Modular Parties: Party Systems With Detachable Clienteles
This dissertation conceptualizes a new type of clientelistic party, which despite being widespread has not been properly theorized. I refer to it as modular. Since clientelism — the exchange of goods for votes — requires substantial organization, scholars often assume that only dominant parties or solid political machines can engage in clientelistic mobilization. I show that is not the case. Rather, modular parties are makeshift organizations whose integrity from one election to the next is uncertain, but whose politicians are nevertheless able to mobilize voters through patron-client relationships.
Modular parties do not own, but "hire" or outsource the networks of clients they use. Well before the advent of elections, community chiefs, community organization leaders, ethnic leaders, landowners, local officials, and other types of local notables already established considerable political capital through their private and relatively small clienteles. Instead of ignoring or dismantling these networks, politicians running elections above the local level created modular parties to connect these networks. In this sense, modular par- ties are made up of two tiers: one on top, responsible for acquiring state resources and acting at the level of subnational or national politics; and one at the bottom composed of multiple modules, each with a local notable running local politics and acting as broker in favor of the upper stratum. Throughout time, these local leaders may take new roles, such as union leaders, bureaucrats, and local politicians, but they remain responsible for the construction and maintenance of patron–client networks. Today in Brazil, this local no- table is usually a mayoral candidate diligently brokering votes for the party offering most state resources or direct payments.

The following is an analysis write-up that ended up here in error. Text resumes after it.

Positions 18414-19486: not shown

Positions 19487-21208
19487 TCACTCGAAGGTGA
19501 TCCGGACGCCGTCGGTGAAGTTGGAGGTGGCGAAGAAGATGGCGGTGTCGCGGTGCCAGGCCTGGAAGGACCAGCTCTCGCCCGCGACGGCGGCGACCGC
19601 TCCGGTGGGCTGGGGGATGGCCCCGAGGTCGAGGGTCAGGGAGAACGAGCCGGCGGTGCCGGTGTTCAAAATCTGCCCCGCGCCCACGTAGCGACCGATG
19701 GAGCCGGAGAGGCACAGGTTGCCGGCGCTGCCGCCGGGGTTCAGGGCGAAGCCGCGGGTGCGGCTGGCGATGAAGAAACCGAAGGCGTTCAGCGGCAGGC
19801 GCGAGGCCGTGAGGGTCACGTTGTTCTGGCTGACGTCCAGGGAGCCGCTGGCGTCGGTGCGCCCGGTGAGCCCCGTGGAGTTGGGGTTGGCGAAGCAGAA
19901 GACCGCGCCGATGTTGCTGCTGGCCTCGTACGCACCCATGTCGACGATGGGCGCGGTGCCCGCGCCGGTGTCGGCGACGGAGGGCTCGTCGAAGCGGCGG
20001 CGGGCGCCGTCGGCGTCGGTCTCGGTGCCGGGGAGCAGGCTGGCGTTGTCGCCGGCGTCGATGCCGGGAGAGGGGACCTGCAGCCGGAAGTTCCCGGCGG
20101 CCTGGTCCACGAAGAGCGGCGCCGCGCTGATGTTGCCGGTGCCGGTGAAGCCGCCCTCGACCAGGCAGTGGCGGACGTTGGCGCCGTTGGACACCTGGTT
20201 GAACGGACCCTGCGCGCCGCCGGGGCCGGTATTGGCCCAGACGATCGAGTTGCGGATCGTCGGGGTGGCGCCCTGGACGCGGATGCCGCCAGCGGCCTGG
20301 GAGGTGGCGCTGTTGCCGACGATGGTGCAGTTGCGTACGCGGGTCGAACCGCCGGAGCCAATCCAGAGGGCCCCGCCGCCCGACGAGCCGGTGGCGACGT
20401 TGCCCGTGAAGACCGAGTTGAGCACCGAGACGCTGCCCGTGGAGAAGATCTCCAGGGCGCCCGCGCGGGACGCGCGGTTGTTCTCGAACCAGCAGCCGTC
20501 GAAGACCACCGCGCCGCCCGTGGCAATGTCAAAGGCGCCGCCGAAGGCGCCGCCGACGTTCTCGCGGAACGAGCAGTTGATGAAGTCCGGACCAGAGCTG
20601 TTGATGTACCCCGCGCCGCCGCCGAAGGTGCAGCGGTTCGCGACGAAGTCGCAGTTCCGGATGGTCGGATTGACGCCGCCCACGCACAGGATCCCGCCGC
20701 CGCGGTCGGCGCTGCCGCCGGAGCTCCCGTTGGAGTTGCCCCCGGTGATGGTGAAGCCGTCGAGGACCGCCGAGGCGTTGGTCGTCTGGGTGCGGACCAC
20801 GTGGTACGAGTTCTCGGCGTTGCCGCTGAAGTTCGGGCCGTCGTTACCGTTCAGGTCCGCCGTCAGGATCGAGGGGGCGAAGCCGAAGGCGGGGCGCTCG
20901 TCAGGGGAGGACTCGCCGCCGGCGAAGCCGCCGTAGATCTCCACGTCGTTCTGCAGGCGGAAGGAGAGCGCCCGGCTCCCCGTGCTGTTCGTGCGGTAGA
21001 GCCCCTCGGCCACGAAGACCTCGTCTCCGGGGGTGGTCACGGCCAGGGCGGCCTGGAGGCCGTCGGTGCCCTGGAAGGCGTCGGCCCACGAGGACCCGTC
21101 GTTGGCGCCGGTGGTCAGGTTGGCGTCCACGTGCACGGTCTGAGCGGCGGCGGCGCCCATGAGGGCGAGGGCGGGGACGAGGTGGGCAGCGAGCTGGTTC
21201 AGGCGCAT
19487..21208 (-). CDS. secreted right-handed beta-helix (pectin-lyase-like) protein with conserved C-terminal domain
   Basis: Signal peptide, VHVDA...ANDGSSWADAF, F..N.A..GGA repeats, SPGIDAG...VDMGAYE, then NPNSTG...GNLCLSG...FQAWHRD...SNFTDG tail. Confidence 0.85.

Such outsourcing of the organization of patron-client linkages to local authorities may facilitate the rapid mobilization of voters for politicians in modular parties, but it also prevents these politicians from building a reliable support base. Brokers in modular parties act as free–agents, and switch parties as they see appropriate. As long as there are other parties outsourcing clientelistic mobilization, brokers may switch whenever they receive a more lucrative proposal.
Using a research design that detects when parties receive resources they can use to hire brokers as-if randomly, I am able to show that variations in resources cause parties to expand or contract the number of modules working for them. Moreover, taking advantage of an unexpected institutional reform that made party switching potentially costly, and employing regression discontinuities to separate the brokers who were subject to this new ruling, I was able to evaluate how party switching drastically damages the electoral prospects of modular parties.
Substantively, the fluidity of modules sheds light on why clientelism can be resilient and widespread on many parts of the developing world, at the same time that strong clientelistic machines are relatively rare. It is durable because brokers offer their services to the highest bidding party, thus maximizing their ability to nurture their networks. However, by relying on these autonomous brokers parties will not create direct linkages of their own, frustrating any hope of making parties organizationally strong.